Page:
Understanding Records and Archives: Principles and Practices – UMich SI580

This 2009 Open.Michigan graduate course presents cornerstone terminology, concepts, and practices used in records management and archival administration. It also examines the evolution of methods and technologies used to create, store, organize, and preserve records, It also addresses the ways in which organizations and individuals use archives and records for ongoing operations, accountability, research, litigation, and organizational memory.

Learning Objectives

This course will train students to:

* understand why societies, cultures, organizations, and individuals create and keep records and archives.

* become familiar with the evolution of methods and technologies used to create, store, organize, and preserve records and archives.

* become conversant in the terminology and concepts used in archives and records administration.

* be aware of the ways that organizations and individuals use records and archives for research, ongoing operations, accountability, litigation, and organizational memory.

* understand the basic components of programs including inventory, classification, appraisal, disposition, acquisition, arrangement, description, preservation, reference, access, use, outreach, and public programming.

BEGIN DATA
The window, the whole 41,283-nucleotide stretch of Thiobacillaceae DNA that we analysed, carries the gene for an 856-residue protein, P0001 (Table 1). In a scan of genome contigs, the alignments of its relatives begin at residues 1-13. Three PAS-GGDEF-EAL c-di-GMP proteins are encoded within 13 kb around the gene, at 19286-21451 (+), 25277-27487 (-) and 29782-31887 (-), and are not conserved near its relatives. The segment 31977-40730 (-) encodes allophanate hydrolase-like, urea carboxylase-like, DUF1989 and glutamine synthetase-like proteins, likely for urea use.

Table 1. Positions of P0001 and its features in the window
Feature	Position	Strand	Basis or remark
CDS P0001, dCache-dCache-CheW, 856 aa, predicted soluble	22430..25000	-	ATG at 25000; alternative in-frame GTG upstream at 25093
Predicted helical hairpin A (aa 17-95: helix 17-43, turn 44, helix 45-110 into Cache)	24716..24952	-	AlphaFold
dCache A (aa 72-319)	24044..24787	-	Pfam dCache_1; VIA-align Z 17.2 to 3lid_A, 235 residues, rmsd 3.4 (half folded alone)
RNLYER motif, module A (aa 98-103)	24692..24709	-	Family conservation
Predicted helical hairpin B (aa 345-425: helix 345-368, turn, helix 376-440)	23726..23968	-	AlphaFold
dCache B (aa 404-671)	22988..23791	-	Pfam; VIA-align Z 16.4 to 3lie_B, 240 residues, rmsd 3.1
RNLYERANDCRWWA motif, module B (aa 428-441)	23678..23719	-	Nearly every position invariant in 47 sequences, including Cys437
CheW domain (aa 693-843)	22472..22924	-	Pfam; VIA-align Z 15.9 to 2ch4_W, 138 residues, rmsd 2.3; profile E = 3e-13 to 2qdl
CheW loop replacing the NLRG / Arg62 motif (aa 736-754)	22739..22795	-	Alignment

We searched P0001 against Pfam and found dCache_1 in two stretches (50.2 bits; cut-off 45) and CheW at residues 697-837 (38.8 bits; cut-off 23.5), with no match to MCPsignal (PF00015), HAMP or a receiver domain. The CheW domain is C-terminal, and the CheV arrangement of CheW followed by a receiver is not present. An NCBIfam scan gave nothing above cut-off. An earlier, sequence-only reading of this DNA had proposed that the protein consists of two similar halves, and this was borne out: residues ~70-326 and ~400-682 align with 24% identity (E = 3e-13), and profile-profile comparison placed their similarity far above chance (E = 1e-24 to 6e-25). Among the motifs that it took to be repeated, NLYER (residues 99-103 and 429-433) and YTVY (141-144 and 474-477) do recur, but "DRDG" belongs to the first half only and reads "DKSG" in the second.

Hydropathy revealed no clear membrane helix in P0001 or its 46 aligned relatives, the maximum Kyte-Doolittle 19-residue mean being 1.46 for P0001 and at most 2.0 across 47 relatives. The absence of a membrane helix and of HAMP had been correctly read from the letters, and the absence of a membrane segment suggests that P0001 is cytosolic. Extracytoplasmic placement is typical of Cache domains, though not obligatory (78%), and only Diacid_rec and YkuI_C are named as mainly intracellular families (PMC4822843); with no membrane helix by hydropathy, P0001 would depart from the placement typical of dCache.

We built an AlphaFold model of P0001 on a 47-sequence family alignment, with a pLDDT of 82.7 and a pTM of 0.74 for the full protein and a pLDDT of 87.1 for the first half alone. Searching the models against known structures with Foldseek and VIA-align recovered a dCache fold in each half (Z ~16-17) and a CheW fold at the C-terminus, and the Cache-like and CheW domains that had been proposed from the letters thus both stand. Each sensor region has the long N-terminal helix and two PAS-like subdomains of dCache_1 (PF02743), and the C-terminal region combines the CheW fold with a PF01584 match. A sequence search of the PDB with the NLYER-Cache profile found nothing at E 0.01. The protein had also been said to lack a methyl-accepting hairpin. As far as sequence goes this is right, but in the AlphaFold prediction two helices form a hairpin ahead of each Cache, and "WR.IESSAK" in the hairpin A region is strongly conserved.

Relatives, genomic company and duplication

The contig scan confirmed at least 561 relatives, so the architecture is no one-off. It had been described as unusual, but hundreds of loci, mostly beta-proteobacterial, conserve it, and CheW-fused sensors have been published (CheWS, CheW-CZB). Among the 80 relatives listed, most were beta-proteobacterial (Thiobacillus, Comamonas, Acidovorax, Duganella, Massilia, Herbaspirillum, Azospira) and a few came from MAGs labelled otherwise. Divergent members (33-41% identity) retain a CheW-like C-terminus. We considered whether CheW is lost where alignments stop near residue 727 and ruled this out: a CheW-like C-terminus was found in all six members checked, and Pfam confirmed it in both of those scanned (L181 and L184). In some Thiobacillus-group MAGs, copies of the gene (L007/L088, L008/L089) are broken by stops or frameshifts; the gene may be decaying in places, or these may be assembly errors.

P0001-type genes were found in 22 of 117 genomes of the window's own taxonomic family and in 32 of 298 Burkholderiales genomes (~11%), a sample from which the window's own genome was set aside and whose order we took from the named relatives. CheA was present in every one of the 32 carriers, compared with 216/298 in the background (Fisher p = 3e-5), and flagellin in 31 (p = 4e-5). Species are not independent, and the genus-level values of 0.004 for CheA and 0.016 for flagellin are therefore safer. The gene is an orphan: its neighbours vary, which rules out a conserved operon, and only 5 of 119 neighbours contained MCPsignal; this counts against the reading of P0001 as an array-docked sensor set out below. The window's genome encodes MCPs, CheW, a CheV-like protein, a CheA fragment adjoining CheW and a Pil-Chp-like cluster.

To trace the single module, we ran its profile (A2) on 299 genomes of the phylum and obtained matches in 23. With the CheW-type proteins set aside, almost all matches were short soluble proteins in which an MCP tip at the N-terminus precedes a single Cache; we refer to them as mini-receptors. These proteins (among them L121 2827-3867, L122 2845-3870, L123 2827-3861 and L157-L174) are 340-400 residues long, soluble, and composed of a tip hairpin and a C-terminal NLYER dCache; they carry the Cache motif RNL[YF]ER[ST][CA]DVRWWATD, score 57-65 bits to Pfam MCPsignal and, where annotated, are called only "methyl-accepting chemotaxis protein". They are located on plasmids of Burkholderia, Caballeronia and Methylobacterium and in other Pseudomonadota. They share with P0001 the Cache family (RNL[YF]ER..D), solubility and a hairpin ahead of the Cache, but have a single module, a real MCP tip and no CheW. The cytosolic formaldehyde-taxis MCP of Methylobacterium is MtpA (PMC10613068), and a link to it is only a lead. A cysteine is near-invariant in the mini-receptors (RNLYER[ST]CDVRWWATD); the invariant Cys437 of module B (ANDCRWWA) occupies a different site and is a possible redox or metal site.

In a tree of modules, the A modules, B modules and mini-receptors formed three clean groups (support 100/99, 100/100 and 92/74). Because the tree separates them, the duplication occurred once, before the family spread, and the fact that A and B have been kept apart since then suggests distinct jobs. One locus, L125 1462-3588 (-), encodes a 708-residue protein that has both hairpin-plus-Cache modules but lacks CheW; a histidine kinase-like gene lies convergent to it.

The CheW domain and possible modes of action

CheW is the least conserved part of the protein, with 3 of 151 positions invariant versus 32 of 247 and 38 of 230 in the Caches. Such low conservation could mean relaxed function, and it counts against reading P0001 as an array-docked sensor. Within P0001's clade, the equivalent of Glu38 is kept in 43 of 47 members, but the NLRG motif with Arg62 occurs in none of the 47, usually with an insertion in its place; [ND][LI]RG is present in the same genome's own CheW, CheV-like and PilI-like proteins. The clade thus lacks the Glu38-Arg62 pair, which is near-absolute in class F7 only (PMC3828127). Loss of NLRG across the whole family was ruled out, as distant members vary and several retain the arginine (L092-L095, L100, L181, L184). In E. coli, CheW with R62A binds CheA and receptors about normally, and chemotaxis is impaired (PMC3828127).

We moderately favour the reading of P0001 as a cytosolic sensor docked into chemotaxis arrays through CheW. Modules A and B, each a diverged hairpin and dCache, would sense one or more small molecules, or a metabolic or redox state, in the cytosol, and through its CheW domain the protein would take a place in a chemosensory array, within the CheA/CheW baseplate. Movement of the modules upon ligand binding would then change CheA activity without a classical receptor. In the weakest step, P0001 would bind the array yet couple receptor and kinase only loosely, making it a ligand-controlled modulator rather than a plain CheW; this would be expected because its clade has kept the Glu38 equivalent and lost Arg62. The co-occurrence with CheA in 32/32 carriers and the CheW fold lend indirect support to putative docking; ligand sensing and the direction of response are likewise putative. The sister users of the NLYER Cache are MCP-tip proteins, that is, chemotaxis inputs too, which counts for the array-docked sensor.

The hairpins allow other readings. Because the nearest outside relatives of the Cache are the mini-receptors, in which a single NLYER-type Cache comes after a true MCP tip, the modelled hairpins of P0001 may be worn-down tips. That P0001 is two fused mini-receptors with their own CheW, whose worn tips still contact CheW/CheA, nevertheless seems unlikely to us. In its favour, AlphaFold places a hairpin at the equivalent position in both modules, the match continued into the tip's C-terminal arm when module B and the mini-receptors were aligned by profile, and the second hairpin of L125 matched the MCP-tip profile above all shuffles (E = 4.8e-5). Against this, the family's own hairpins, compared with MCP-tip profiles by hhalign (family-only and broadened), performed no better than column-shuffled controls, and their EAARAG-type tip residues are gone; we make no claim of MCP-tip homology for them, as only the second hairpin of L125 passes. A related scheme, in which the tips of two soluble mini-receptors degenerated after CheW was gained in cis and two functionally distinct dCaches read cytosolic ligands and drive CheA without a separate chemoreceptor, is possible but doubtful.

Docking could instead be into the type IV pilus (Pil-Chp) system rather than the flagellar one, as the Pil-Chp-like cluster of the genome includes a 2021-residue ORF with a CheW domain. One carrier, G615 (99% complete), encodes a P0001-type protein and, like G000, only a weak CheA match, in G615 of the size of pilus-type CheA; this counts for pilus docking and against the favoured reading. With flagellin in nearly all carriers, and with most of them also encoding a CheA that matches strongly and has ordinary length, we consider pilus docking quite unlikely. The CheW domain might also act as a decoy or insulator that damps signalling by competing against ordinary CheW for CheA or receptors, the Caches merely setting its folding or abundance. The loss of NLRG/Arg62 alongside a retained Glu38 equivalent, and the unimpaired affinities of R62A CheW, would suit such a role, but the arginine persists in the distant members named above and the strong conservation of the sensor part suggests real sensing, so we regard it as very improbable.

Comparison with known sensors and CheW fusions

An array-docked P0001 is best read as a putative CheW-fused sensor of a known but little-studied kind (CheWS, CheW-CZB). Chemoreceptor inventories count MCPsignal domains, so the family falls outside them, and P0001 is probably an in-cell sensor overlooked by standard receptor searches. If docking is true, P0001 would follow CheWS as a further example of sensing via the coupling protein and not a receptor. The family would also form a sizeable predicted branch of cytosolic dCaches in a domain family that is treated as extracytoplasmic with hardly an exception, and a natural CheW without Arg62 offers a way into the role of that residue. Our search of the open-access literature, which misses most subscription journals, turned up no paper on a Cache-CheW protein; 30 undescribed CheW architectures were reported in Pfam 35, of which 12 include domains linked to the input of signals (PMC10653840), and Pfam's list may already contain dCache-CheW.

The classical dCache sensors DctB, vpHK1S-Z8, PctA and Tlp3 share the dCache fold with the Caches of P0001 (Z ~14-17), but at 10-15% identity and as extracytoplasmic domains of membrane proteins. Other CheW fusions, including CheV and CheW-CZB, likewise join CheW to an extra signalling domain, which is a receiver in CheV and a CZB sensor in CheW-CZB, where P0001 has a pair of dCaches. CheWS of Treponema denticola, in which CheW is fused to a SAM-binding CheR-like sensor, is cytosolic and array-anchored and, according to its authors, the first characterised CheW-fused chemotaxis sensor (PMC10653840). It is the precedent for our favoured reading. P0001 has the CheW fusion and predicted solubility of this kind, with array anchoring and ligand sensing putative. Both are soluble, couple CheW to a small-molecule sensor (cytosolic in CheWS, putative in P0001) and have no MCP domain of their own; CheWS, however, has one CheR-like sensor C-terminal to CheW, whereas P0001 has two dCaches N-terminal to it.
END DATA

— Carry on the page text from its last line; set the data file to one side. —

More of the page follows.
* understand the relationships between these program elements.

* be aware of the various environments where archives and records are created, managed, and used.

* understand how archival and recordkeeping practices differ from and relate to other information management practices.

* be aware of the legal, policy, and ethical issues surrounding archives and records administration.

* become familiar with the structure, organization, literature, and current issues in the archives and records professions.

Course Organization

This course combines lecture, discussion, demonstrations, and problem solving. It requires independent research and writing. Critical reading of course materials is essential to stimulate active participation and learning of the material.

The course is based on 13 lectures, a final project, and a final exam. Recommended reading is assigned with most every lecture. Lecture slides (PDF and PPT) are available for each session; however, no videos or audio is associated with the sessions. Several assignments were also given out during the course of the semester.

Original Syllabus

This is the original syllabus associated with this course: PDFFile IconOriginal course syllabus for SI580

Further Reading

Two texts were originally required for the course:

Recommended reading was also assigned for every session. Consult the Recommended Reading associated with each session.

The Society of American Archivists has posted an online glossary that will also prove useful to you during this course.

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